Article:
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New Onside Kick Rules Potentially Coming to NFL

The 2020 NFL season has a chance to look quite different than seasons past, and not just because of the COVID-19 outbreak. An exciting new rule change pertaining to onside kicks could become a part of league rules depending on whether or not the owners vote positively for it.

The Philadelphia Eagles proposed a rule that would give teams an alternative to the traditional onside kick. Instead of sending out the hands team and kicker to try and recover an onside kick, teams will have the opportunity to attempt a fourth-and-fifteen play from their own 25-yard line. If the play is successful and the offensive team gains at least 15 yards, they get a first down and keep possession of the ball. However, if they fail to gain at least 15 yards, the opposing team will get the ball wherever the play ends.

In order for the rule to be successfully implemented into the league, 24 out of 32 owners will have to vote in favor of it at their next meeting. This vote will take place virtually on May 28.

While many dramatic rule changes to the NFL usually get shot down, this one seems to have at least a little traction behind it. The main reason behind the support for this rule change is that success rates for onside kicks have dropped dramatically in recent years.

When the NFL changed the rules regarding kickoffs before the 2018 season, they had no idea how it might affect the onside kick. The rule prevents players from getting a running start before the ball is kicked, which makes it extremely difficult to recover onside kicks. In 2017, there were 57 attempted onside kicks and 12 were recovered by the kicking team, making the success rate for that season 21%. The next year after the rule change, that figure dropped to under 8% (4 of 52).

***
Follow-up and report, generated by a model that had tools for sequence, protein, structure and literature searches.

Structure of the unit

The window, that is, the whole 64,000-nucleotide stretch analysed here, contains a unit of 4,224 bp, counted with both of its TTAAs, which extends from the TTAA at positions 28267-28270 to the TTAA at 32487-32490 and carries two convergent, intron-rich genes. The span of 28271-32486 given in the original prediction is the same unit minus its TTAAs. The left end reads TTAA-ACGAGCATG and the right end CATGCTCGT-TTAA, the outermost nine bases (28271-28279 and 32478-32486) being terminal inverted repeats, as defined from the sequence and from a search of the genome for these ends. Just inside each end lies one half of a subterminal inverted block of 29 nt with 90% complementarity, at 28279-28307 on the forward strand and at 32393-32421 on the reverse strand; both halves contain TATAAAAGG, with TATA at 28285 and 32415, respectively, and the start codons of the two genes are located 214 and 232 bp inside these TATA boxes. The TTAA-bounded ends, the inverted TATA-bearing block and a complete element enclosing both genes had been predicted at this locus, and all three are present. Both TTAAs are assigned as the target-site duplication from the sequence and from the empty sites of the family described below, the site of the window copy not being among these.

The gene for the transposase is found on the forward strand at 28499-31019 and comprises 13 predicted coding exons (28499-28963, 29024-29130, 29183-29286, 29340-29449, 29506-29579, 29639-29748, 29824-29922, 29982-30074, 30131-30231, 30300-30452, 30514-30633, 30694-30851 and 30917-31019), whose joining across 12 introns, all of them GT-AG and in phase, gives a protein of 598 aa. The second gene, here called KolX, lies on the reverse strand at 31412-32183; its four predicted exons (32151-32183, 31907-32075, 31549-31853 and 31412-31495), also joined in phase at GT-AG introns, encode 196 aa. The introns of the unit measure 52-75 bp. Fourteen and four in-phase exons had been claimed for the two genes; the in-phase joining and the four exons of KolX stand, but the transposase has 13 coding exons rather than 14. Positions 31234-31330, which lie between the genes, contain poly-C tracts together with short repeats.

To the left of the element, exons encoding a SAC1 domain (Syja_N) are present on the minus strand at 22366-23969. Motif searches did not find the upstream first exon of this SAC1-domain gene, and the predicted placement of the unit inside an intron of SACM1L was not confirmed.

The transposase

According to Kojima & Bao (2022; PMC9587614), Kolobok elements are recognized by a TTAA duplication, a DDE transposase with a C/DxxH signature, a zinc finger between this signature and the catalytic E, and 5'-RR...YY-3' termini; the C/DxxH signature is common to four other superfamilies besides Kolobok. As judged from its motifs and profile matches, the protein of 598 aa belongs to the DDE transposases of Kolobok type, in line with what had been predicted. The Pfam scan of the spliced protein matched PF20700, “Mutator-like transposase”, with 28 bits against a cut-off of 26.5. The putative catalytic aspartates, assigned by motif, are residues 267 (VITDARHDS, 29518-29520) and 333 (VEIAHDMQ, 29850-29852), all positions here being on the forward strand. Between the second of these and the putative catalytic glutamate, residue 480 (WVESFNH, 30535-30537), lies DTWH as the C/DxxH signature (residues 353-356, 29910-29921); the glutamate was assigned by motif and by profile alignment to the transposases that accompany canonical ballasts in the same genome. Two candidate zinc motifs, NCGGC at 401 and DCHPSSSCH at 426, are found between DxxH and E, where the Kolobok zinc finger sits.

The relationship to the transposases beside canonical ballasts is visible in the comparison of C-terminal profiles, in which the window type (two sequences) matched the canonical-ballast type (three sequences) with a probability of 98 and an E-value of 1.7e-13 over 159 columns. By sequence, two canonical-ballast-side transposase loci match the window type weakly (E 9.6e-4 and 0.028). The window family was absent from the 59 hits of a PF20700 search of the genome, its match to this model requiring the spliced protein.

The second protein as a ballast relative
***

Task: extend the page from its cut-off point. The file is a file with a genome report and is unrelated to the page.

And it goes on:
This rule change would add a lot of excitement to the game, while also providing teams a better opportunity to get the ball back when they need it most. From 2015-2019, teams who attempted a play on fourth-and-fifteen had a success rate of 24.1% (7 of 29).

Under the Eagles plan, teams will be able to use the alternative onside kick twice per game, in any quarter they want. Also, if the offensive team is penalized during the attempt, they will be forced to run another play from the new line of scrimmage. So, if the offensive team gets a delay-of-game penalty, they will have to run a play from their 20 yard line with the new down and distance being fourth-and-twenty. The same rules apply to the defense, meaning that if they are called for defensive holding the offense will automatically get a first down. The alternative onside kick will be able to be attempted after any score; teams can even use it after giving up a safety. Regular onside kicks will keep the same rules they went by in 2019.

Personally, I like this potential rule change. It gives teams the opportunity to use their best players to get the ball back instead of having to rely on their kicker and hands team. When a game is on the line, wouldn’t it be much more exciting to have a team’s starting offense compete for a big play than watching yet another failed onside kick? The superstars in the NFL get paid tens of millions of dollars for a reason, and I believe it’s time for the league to give them more opportunities to make exciting plays with games on the line.

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